Dear friend, master teacher, hoopster, dedicated family man, world traveler, passionate reader and Black History Month quiz winner David Russell has come up with this response to yesterday’s post about Alex Kotlowitz’s favorite non-fiction books. I have taken the editorial liberty of breaking Dave’s comment into paragraphs:
“I want to give your question about favorite non-fiction books some thought. How can you decide? I think for me it’ll be the books that influenced me the most, that I’ve gone back to or have thought about the most after reading.
Right away Kidder’s Among Schoolchildren is there; I love the description of the ending of the year: she had not finished, she had just run out of time. That speaks so powerfully to me as a teacher; you always want to and need to do more.
Also Anthony Lukas’s Common Ground. I was a relative newcomer to Boston when it came out, and it gave me the deepened understanding of the recent history of the city that I craved. I don’t think I’ve ever been so disappointed to finish a book; I wished it could have just kept going and going.
Hope in the Unseen by Ron Suskind could perhaps be number one. I was so moved by the American odyssey presented in the book, but perhaps even more so by the reality that if it was hard and uncertain that Cedric make it, with his skills, determination, and help, how remote is the possibility for others? It is such an unimaginable distance that must be traversed.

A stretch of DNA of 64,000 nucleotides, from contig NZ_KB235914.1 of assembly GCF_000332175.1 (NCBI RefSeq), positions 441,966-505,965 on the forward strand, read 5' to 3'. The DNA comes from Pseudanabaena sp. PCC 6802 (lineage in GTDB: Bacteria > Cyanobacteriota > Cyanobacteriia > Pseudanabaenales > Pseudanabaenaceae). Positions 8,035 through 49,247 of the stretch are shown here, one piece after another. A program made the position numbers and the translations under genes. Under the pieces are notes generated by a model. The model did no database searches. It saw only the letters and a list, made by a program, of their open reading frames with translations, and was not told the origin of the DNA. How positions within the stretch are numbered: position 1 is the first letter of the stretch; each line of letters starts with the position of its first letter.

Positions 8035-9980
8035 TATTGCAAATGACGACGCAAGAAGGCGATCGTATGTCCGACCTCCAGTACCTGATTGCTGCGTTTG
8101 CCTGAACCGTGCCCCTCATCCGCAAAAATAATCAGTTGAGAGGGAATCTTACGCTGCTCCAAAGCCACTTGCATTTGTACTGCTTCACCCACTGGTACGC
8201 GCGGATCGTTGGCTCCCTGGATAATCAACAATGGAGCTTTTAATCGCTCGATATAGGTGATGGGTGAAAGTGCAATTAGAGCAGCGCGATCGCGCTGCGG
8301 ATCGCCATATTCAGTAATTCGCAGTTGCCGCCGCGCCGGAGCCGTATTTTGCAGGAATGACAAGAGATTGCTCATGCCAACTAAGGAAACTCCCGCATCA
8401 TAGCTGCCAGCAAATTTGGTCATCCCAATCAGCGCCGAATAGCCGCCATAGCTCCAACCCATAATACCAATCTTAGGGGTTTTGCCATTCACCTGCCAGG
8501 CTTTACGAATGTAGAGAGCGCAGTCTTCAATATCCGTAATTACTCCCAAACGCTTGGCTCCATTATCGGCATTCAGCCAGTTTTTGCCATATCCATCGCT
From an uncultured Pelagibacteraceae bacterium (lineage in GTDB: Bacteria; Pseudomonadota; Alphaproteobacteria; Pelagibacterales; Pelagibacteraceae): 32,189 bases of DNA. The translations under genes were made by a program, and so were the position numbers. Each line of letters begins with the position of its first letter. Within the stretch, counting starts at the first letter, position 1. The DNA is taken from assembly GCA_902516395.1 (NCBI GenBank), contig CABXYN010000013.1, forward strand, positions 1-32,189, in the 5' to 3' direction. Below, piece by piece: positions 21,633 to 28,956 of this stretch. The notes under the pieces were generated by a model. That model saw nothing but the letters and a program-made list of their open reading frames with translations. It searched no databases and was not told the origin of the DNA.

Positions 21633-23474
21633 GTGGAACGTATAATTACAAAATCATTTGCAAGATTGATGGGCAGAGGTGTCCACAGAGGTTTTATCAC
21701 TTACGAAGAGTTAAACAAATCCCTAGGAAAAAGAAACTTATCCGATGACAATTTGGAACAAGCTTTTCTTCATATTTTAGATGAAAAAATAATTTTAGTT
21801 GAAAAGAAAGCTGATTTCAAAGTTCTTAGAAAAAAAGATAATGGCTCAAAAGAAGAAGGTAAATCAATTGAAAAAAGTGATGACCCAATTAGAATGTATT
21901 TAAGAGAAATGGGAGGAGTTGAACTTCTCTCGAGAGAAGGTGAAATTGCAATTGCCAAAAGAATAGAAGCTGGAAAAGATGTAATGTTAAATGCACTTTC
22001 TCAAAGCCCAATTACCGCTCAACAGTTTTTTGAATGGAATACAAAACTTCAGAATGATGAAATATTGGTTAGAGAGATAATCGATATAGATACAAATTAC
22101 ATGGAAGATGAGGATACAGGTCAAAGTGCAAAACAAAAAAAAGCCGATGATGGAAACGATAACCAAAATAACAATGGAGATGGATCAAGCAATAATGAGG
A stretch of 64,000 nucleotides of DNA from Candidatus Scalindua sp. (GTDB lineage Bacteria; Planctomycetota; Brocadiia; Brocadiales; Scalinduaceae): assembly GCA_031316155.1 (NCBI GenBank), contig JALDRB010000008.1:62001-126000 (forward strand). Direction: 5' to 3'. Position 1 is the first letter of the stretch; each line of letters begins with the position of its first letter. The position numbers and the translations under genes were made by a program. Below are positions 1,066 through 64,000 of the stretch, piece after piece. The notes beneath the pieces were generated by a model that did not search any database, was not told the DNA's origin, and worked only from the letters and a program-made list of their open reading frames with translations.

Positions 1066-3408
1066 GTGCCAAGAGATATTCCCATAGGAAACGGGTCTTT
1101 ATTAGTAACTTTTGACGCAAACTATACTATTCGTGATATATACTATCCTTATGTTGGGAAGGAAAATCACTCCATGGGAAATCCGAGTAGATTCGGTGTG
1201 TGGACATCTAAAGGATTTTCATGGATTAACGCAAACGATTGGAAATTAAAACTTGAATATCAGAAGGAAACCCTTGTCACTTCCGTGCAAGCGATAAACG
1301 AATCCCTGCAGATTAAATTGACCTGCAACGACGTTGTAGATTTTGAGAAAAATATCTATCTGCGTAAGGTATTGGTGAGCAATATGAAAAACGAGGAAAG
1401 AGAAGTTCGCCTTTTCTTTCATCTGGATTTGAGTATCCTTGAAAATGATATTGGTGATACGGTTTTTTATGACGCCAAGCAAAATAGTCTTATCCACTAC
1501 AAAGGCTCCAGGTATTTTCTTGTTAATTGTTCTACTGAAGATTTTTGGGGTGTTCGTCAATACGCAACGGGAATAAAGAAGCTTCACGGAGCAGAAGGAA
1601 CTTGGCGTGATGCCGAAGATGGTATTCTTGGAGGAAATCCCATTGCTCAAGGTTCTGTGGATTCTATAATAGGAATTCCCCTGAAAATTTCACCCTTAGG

All Souls, which lists the blogger in its credits (!), was gripping and gave voice to a story not at that point adequately presented. I loved its demonstration that family disfunction and violence do not have to be related to color (duh, but not enough established in the public mind).
The Black Family in Slavery and Freedom by Herbert Gutman was seminal for me in its proof of the resilience of the black family; the simple thesis that slavery made family life impossible and that this is what has caused 20th century difficulty is shown to be false.
Emotional Intelligence right away rang so true to me; yes, academic skills are important, but what really is most important for navigating the world?
In A Different Voice by Carol Gilligan I loved because it challenged the standard paradigm of how to view women’s valuing of relationships; it is not a lower stage of development–perhaps it is something of importance that males have been missing!
Taylor Branch’s trilogy America in the King Years was magnificent. I love that subtitle: “the King years.” Say what you may about King’s limitations, he was catalyst and moral warrior beyond compare.
All God’s Children: The Bosket Family and the American Tradition of Violence by Fox Butterfield I have gone back to a few times. It starts with Willie Bosket, violent black American criminal, and asks, where did this man come from? How is he connected to the history of this country? The answer is very deeply connected.
I’m going to think about this some more. Thanks for the suggestion. Of course I hope to get to more of the books on Kotlowitz’s list; I’ve read a few, but I’m sure they all are great!”